COLUMBUS, Ga. (WRBL) – Today marks four years since the last time one family heard from their daughter, sister, friend, and aunt.
March 20, 2018, Columbus woman Erin Collier went missing. News 3 had the opportunity to speak with Sarah Kemp, sister of missing person Erin Collier. She explains what it was like realizing her sister was missing.
“Initially, when we realized something was wrong, we were of course in a panic, and it wasn’t like Erin to not talk to us or return our calls. We were all pretty close and family-oriented. Erin and my mom were best friends and me and my sister were close, so it just wasn’t like her not to return our calls. We knew that something was wrong. So, was more than anything, we wanted our voice to be heard that it wasn’t like her just to walk away,” Kemp explains.
During the years of searching for Erin, her family has done everything they could to try and find her: walking miles, searching trenches, offering cash rewards, and so much more. Kemp explains just one of the many efforts taken to try and bring her sister home.
“I literally searched for her for two years straight, nonstop, falling away from everyone, fading away from my friends, even my family… I went and rented a pump from Home Depot and sucked the water out of a well because someone had said that, you know, she may have been down there and it was of course a rumor but that was like a 17-hour trip that me and my husband had to take as far as sitting out there by the river 17 hours pumping this well that we had no idea where it’s leading us to, or anything,” Kemp says.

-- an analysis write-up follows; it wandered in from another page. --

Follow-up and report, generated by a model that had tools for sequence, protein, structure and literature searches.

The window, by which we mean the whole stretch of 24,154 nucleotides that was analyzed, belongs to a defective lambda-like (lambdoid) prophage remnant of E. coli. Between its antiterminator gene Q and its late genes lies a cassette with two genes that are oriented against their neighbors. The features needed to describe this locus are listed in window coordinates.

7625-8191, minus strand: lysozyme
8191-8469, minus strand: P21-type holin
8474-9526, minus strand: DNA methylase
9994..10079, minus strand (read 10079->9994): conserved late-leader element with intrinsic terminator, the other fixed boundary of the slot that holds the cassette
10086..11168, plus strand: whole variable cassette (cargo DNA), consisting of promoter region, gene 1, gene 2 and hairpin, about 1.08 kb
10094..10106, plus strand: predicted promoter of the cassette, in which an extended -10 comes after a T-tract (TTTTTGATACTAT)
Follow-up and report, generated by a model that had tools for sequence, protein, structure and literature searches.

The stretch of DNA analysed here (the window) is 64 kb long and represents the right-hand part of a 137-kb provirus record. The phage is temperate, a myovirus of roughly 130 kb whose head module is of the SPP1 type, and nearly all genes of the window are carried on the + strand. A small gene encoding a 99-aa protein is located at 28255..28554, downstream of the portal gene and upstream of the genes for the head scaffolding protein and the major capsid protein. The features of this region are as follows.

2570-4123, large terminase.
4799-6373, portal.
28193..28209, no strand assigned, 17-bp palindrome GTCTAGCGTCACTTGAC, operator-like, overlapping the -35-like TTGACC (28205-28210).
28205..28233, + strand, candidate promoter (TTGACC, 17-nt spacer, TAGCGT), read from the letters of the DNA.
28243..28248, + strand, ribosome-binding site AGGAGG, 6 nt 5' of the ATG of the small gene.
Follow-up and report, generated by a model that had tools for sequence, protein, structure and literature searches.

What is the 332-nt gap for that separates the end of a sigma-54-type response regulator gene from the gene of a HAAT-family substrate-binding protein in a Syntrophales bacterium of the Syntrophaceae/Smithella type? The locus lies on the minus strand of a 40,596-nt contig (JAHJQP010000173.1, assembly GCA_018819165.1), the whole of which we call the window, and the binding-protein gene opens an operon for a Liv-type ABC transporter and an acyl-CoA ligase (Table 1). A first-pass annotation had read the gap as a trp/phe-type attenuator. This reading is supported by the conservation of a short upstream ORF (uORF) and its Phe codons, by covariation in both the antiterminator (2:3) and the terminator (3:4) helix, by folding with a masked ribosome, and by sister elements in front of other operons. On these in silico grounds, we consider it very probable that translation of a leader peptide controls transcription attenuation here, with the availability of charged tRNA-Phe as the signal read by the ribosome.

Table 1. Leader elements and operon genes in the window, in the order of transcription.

Whenever a tip came through about Erin she would take off to look for her, a position she never thought she would be in.
“You see stuff like that on TV and you never, you know, imagine or think, ‘hey, I’m going to be out here passing posters out looking for my sister’ or asking, ‘have you seen her?’ I’ve just pretty much hit a wall and that’s the biggest issue now, just, I don’t know where else to go. There’s nothing else to do, I don’t know. I don’t know what else to do,” Kemp explains.
Although the years go on, the search for Erin continues. Kemp shares the importance of being the voice for her sister and reminds those who may also have a missing loved one, to never stop looking.
“You are your loved one voice now, and don’t let anyone discourage you. Just keep looking for your loved one and never let anyone forget who they are and just constantly remind the community, ‘hey this person was never found.’ We just have to be here and you have to be your loved one’s voice and stand up because if you don’t, who will,” Kemp says.
Members of the community may be familiar the “where’s Erin” sign put up at the intersection of 24th Street and 12th Avenue in Columbus by Kemp. Recently, someone took out the name Erin, and Kemp went back to fix it because the search is far from over.
“I’m doing everything that I can to bring her home and as long as there’s air in my lungs, I will forever search for her,” she says. “It’s just a reminder for everyone not to forget who she is. And she is not found yet and to find her. Just don’t forget who Erin is.”
Some may just remember the details of Erin’s missing persons flier: she stands 5’3,” weighs about 130 lbs., she has a black rose tattoo on her wrist, but Kemp says everyone needs to remember she is more than a missing person.
“I just want her home. She was a firecracker. She was tough, she was very funny. She loved her family big. She was a very proud aunt. She’s a beautiful person all the way around,” Kemp says.
Kemp is asking anyone with information to come forward, so she can finally lay her sister to rest.
“I’m praying that the person responsible comes forward, even if it’s anonymously. And that may sound bad but when I say that, I mean that, if you could just tell us where she is so that I could bring her home and lay her to rest the proper way.”
Anyone with information is asked to call the Columbus Police Department’s Youth Services Unit at 706-653-3449 or 911.